These were not things that she could easily talk about but they were real and present. So that the new heaven which she now inherits will shed light into these difficult areas of living. The Lord of heaven not only releases us physically, at our dying, but emotionally as well. No more crying or weeping, because all is now revealed, nothing is bottled up or cut short. We are transported. The old hindrances drop away. We are made new. It is the end of death and his cohorts. It is the beginning of a new level of being where wholeness and goodness rule and the light shines and the rivers of life run free and clear.
Marion justly inherits this new life and new way of being. We give thanks to God today for all that she has given and all that she meant to many people. We commit her to Gods safe keeping. May she rest in peace and rise in glory.
The funeral service was followed by the committal at Randalls Park Crematorium. Refreshments were provided at Marion's home.
Elsie Moore, Marion's sister, died in 2006
from the November 2007 magazine
Marion and Elsie Moore
Marion was the third of three church stalwarts to die in the same week last August. Tributes to Joan Ralph and Rene Vokes appeared in last month's magazine, so here is one to Marion who died on August 27, and which includes another stalwart, her sister Elsie who died on March 7 2006.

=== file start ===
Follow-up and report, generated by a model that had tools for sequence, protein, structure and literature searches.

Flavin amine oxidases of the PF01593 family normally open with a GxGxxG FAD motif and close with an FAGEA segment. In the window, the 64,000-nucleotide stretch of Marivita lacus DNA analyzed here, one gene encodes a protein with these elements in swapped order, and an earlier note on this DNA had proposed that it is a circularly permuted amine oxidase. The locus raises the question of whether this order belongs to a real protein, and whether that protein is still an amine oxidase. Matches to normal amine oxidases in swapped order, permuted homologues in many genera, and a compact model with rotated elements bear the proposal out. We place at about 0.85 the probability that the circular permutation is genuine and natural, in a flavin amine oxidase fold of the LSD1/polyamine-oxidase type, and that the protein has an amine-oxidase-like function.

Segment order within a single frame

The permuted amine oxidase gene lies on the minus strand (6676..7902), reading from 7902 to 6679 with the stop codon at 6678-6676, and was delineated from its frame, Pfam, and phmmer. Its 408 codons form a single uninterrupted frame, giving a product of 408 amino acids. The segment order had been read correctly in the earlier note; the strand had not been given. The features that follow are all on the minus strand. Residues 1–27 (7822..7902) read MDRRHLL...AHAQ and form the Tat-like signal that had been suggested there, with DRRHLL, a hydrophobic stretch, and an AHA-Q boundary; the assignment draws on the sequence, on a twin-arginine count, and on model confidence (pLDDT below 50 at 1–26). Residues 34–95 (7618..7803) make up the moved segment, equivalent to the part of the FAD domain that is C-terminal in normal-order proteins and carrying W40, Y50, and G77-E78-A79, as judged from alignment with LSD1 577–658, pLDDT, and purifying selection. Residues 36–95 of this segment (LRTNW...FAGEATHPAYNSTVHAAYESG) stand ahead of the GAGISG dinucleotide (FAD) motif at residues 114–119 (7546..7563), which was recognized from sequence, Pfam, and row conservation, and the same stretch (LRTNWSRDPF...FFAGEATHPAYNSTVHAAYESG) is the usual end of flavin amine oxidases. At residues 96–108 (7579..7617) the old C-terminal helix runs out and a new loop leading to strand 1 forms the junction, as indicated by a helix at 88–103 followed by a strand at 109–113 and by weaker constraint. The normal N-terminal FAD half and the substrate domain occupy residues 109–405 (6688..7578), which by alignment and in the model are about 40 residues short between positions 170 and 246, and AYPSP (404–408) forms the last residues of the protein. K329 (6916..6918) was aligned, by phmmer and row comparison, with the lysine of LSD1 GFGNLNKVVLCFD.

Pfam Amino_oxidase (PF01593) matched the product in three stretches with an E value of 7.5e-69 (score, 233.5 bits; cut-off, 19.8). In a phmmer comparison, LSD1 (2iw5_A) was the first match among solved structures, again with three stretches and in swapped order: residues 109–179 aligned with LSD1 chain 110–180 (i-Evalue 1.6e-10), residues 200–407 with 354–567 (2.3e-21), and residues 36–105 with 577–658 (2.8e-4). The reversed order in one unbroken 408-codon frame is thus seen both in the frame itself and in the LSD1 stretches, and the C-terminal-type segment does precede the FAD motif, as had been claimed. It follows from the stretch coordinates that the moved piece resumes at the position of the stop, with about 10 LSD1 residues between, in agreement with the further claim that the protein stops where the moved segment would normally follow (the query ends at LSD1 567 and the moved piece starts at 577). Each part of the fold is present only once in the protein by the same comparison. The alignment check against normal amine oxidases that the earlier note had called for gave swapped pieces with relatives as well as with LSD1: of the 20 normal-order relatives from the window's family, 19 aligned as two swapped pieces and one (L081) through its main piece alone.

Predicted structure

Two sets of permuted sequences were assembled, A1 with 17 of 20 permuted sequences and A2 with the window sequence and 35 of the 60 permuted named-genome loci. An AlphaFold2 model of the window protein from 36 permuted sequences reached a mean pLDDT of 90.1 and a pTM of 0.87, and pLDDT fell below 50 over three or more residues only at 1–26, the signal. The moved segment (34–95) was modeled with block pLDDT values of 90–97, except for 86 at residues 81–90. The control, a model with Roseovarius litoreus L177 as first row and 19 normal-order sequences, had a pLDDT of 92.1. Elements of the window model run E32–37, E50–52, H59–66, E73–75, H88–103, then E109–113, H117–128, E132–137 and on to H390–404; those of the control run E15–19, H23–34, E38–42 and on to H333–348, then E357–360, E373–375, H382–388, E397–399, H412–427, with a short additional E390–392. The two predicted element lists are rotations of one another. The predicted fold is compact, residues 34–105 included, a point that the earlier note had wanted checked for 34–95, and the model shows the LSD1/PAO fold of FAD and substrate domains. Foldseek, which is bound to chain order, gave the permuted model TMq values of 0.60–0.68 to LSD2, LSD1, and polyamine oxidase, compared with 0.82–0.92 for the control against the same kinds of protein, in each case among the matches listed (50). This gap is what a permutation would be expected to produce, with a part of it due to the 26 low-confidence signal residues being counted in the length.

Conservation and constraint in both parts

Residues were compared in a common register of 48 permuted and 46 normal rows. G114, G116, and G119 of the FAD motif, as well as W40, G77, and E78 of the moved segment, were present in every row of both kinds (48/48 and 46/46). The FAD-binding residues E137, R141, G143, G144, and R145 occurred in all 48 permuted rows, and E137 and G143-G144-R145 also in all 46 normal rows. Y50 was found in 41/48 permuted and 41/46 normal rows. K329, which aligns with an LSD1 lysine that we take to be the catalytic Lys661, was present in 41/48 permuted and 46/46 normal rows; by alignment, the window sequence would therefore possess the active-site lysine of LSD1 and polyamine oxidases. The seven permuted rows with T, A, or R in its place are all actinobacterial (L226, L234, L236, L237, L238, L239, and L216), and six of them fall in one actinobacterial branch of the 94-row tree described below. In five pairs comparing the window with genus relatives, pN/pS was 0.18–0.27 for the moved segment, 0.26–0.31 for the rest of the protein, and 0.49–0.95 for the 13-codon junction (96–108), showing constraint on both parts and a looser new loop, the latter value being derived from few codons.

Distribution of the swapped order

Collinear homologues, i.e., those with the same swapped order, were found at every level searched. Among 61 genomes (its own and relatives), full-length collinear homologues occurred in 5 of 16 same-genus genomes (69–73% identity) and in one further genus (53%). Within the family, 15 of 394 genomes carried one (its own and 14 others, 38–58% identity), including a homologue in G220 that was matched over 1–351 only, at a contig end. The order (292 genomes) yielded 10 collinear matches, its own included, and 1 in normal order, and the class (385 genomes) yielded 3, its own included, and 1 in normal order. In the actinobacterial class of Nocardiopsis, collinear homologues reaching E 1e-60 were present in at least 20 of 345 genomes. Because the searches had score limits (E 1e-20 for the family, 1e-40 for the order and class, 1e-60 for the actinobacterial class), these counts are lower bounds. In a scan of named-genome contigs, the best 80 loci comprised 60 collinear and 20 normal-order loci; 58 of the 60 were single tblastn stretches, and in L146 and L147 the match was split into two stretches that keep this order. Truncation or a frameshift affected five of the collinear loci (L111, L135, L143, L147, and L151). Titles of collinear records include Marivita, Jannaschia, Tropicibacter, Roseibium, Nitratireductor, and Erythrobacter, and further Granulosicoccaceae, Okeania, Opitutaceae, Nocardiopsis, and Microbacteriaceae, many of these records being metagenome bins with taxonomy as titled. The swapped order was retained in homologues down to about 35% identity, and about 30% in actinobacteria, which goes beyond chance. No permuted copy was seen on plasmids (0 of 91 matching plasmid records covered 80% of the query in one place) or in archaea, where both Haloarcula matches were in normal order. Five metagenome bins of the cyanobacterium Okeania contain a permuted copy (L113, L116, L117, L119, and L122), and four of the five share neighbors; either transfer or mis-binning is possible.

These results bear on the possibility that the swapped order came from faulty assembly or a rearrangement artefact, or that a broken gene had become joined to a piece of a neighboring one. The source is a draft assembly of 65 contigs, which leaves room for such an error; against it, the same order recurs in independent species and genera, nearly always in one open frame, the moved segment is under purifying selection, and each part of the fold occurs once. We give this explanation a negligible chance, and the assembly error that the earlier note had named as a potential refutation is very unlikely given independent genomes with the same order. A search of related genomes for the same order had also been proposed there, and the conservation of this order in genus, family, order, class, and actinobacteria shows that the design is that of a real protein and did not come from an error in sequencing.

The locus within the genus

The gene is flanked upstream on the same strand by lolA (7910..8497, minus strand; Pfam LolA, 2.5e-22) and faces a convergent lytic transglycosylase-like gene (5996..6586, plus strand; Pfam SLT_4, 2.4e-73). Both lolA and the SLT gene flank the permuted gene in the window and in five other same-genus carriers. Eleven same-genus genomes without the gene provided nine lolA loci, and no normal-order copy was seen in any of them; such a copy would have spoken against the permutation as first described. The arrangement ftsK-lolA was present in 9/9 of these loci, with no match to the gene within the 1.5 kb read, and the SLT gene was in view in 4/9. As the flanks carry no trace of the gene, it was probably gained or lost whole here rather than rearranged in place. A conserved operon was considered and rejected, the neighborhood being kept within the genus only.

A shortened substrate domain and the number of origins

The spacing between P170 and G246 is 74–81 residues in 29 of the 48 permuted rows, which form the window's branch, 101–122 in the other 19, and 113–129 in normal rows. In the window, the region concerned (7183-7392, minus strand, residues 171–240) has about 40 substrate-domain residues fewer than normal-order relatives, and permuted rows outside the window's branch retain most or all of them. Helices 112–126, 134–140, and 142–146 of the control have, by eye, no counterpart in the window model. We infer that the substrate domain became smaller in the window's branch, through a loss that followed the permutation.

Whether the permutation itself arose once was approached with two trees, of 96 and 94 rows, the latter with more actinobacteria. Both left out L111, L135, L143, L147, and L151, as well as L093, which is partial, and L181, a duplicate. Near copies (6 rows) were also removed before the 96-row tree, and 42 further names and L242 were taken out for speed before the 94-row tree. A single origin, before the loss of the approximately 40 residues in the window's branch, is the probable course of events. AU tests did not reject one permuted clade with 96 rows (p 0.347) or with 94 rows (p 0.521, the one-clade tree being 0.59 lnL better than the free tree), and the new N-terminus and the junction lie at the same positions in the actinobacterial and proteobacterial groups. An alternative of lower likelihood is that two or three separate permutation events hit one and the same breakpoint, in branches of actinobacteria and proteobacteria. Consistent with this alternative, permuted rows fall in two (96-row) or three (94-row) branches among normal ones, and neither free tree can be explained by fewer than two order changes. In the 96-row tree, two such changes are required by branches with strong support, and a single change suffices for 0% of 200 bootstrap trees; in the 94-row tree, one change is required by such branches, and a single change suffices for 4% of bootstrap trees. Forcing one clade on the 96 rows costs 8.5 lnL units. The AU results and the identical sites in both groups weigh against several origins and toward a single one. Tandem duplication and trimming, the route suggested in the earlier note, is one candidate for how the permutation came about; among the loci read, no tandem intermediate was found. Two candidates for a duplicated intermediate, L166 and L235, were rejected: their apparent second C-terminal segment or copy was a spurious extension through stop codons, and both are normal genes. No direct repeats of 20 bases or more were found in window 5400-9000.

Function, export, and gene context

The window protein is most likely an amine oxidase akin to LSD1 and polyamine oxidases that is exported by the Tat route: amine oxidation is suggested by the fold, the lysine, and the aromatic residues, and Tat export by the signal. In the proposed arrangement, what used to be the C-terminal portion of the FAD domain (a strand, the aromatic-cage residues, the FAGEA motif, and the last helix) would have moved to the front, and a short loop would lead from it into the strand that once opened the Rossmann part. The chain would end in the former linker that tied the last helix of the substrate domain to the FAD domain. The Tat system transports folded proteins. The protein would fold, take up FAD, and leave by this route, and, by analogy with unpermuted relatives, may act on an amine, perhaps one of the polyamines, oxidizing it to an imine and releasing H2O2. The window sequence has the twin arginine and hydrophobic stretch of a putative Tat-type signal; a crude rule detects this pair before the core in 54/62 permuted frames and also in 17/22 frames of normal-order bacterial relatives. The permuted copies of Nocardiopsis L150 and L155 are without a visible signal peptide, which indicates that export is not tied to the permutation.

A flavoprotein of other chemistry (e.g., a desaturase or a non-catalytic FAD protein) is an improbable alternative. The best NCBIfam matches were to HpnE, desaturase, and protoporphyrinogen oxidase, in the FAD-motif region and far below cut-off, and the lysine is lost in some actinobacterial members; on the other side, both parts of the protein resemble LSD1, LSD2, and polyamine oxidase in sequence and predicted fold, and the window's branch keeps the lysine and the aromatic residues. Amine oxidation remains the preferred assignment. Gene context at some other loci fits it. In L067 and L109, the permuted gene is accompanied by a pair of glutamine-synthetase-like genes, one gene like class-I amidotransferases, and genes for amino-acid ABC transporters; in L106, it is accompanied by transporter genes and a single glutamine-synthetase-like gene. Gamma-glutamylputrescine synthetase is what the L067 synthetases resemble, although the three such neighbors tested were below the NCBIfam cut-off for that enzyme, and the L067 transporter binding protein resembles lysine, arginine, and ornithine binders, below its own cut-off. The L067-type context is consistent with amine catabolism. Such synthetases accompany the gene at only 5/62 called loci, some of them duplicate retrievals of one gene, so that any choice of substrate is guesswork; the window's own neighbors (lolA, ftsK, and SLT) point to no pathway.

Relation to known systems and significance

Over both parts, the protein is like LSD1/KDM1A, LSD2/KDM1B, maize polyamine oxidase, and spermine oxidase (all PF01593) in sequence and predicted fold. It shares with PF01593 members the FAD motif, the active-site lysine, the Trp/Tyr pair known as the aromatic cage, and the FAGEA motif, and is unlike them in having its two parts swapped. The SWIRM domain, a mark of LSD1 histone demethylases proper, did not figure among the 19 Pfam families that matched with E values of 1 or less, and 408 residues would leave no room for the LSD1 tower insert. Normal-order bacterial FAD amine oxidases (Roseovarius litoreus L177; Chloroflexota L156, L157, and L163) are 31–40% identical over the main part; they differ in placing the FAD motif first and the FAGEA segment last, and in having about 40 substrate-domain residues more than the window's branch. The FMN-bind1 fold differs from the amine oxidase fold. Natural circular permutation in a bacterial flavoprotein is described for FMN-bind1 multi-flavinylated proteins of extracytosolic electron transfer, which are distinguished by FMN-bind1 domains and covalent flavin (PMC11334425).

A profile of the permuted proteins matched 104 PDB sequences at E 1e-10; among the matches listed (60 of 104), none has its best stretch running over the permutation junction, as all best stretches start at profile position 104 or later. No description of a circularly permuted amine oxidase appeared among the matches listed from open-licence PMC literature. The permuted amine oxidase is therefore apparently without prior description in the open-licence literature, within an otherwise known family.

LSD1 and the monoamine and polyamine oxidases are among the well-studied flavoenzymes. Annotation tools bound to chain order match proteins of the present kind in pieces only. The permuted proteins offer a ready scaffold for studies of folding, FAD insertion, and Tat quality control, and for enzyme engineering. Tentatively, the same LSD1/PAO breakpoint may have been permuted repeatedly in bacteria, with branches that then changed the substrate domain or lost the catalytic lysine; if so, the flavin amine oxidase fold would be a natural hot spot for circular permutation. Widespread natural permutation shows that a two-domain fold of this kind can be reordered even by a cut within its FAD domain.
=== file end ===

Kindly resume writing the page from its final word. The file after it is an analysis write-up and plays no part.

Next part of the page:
Marion was born on July 2 1929, exactly five years and one month after Elsie. They had an older married sister, but Marion and Elsie lived together throughout their lives. Marion was in charge of a large department at a London branch of Lloyd's Bank for the latter part of her career, and Elsie finished her working life as the first Post Mistress at Leatherhead Post Office. After their retirement they became joint Treasurers of the PCC, a task which they were well qualified for, and they dedicated themselves to this for some 15 years, though in recent years, Elsie became Covenant Secretary, leaving Marion to carry out the work of Treasurer.